The most interesting part of this statement is the assertion that the Tao created heaven and earth. How are we to understand this? Does Chuang-tzu view the Tao as Creator in the same sense in which Christians would apply this term to God? Probably not. In addressing such questions one commentator has written: “Any personal God . . . is clearly out of harmony with Chuang Tzu’s philosophy.” Properly speaking, Taoists view the Tao more as a principle than a person. Indeed, some scholars speak of the Tao as “an impersonal force of existence that is beyond differentiation.” So how does the concept of the Tao compare with the Christian view of God in the Bible?
Both the Tao and God are similarly credited with creating heaven and earth. This similarity may offer an initial point of contact between Christians and Taoists, a way to begin a meaningful dialogue about the nature of ultimate reality. As Christians we should always acknowledge any common ground that we might share with those from other religious perspectives. In Acts 17 Paul does this very thing when he speaks at the Areopagus in Athens. In verse 28 he quotes with approval from two pagan poets to help illustrate something of the nature of God.

But Paul also made distinctions between the Christian doctrine of God and the views of the Athenians. In the same way, we also need to notice how the Tao differs from a biblical view of God. The greatest difference is that the Tao is impersonal whereas God is personal. The Tao is like a force, principle or energy; the Christian God is a personal being. It’s crucial to realize that ultimate reality cannot be both personal and impersonal at the same time and in the same sense.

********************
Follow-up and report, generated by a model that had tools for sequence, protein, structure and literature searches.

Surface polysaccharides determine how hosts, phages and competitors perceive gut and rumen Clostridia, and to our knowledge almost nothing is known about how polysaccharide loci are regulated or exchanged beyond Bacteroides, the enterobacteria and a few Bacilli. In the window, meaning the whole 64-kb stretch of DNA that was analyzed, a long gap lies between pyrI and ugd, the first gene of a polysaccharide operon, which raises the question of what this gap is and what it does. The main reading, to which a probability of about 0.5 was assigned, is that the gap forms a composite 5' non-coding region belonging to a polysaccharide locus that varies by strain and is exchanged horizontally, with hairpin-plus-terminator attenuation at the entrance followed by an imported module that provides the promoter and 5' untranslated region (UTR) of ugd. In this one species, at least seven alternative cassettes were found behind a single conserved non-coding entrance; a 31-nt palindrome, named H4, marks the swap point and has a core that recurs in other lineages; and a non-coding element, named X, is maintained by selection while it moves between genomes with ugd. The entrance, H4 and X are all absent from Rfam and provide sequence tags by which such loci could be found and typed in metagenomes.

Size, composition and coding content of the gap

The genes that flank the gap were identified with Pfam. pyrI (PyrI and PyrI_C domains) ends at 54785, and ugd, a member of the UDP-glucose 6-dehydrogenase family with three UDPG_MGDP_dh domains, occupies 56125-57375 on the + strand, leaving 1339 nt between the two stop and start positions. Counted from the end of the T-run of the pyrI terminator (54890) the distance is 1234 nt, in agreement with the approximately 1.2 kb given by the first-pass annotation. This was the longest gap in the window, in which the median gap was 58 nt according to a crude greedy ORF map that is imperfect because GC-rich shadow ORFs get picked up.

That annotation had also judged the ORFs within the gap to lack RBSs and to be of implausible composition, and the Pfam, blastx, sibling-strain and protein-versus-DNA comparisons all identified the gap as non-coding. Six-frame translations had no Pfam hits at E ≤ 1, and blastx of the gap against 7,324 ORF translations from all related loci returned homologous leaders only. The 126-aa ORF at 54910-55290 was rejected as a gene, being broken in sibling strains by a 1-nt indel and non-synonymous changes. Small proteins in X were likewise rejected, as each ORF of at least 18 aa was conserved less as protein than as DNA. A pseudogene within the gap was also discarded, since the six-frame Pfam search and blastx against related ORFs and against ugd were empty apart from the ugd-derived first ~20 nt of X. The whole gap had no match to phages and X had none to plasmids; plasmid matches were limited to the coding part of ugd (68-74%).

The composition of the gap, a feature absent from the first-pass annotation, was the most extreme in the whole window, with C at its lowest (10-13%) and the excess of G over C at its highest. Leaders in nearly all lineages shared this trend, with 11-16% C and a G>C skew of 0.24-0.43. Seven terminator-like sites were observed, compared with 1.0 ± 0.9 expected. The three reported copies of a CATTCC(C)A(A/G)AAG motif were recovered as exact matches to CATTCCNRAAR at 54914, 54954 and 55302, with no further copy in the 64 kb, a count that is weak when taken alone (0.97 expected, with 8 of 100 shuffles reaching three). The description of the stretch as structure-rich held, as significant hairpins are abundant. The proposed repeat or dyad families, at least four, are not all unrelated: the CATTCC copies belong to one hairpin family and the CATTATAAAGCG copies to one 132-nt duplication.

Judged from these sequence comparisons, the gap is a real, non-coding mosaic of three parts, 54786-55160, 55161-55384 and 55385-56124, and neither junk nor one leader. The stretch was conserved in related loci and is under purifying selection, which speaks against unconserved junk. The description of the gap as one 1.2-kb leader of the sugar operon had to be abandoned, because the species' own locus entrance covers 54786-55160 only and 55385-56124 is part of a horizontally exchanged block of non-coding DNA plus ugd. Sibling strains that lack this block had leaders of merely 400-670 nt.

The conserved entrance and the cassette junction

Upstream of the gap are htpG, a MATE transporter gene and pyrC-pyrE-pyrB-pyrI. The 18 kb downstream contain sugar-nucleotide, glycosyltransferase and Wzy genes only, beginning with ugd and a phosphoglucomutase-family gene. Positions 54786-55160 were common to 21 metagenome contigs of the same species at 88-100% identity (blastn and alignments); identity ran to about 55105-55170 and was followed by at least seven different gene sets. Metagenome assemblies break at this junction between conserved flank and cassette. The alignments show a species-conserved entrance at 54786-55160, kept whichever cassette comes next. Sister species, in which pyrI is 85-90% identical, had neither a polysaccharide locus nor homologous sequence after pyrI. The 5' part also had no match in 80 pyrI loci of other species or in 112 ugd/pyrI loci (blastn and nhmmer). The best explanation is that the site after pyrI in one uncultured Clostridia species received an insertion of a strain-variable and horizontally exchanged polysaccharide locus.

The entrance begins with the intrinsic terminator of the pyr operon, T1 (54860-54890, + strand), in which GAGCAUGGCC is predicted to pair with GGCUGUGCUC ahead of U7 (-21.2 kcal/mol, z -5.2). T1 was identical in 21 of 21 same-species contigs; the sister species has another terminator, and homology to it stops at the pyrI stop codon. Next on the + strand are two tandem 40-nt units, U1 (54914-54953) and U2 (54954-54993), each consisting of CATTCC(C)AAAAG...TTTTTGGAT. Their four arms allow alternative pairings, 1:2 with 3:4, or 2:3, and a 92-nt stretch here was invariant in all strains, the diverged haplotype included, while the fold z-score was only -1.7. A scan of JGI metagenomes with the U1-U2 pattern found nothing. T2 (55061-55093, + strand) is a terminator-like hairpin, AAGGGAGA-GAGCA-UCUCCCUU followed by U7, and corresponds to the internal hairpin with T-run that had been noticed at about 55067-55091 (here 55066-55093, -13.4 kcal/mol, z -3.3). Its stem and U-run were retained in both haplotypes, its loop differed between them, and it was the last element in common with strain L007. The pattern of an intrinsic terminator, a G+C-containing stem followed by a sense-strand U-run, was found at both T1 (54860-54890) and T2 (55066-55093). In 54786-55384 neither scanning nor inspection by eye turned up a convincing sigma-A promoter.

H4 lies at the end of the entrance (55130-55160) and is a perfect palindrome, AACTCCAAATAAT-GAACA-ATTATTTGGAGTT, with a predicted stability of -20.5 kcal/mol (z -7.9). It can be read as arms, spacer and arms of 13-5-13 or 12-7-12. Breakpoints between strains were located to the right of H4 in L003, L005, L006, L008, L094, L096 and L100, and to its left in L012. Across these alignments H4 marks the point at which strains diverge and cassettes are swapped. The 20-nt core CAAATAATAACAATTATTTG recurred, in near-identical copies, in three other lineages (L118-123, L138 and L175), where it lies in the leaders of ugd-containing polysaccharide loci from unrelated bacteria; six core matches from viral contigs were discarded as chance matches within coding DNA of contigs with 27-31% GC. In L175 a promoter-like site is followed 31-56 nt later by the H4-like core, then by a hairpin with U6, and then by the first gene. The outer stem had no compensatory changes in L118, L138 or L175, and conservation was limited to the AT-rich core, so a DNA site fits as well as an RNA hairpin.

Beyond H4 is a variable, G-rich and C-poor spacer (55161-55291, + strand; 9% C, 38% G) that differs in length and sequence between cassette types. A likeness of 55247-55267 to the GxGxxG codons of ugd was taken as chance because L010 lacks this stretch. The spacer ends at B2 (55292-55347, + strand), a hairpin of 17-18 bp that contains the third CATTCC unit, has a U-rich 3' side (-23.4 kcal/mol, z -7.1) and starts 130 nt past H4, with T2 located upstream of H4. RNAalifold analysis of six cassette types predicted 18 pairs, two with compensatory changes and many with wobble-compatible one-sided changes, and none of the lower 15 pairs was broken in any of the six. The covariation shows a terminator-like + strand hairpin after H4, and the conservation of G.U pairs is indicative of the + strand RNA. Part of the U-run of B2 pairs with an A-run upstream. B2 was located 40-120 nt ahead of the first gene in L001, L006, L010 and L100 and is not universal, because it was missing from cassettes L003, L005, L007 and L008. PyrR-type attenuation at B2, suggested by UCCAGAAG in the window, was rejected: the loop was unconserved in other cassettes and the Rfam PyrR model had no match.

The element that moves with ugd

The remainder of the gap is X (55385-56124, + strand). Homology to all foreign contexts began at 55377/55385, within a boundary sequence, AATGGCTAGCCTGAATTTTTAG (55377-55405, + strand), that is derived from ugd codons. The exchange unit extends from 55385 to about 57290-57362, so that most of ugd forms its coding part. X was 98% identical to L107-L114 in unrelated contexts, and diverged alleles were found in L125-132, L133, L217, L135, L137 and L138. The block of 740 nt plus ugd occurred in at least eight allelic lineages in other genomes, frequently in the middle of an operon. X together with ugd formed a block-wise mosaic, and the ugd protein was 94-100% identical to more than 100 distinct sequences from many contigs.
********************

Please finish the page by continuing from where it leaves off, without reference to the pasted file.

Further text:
We’ve seen that philosophical Taoism and biblical Christianity differ on the nature of ultimate reality. Taoists view ultimate reality (i.e. the Tao) as an impersonal force that brought the universe into being. Christians view ultimate reality (i.e. God) as the personal Creator of the universe. The law of non-contradiction says it’s impossible for ultimate reality to be both personal and impersonal at the same time and in the same sense. Thus, if one of these views is true, the other certainly must be false.
I argued that if objective moral values are real (and we all live as if they are), then it is more reasonable to believe that the source of such values is personal, rather than impersonal. Now I want to continue this line of thought by arguing that the existence of human persons is best explained by appealing to a personal Creator rather than to an impersonal principle like the Tao. To help us see why this is so, let’s briefly consider some of the differences between a personal being and an impersonal principle.

First, personal beings (like men and women) possess such attributes as intellect, emotion, and will. That is, they have the ability to think, feel, and take considered action. An impersonal principle can do none of these things. In addition, a personal being has the ability to form and maintain relationships with other persons. But again, this is something that an impersonal force simply cannot do. If a cause must always be greater than the effect it produces, then does it make more sense to believe that the ultimate cause of human persons is personal or impersonal?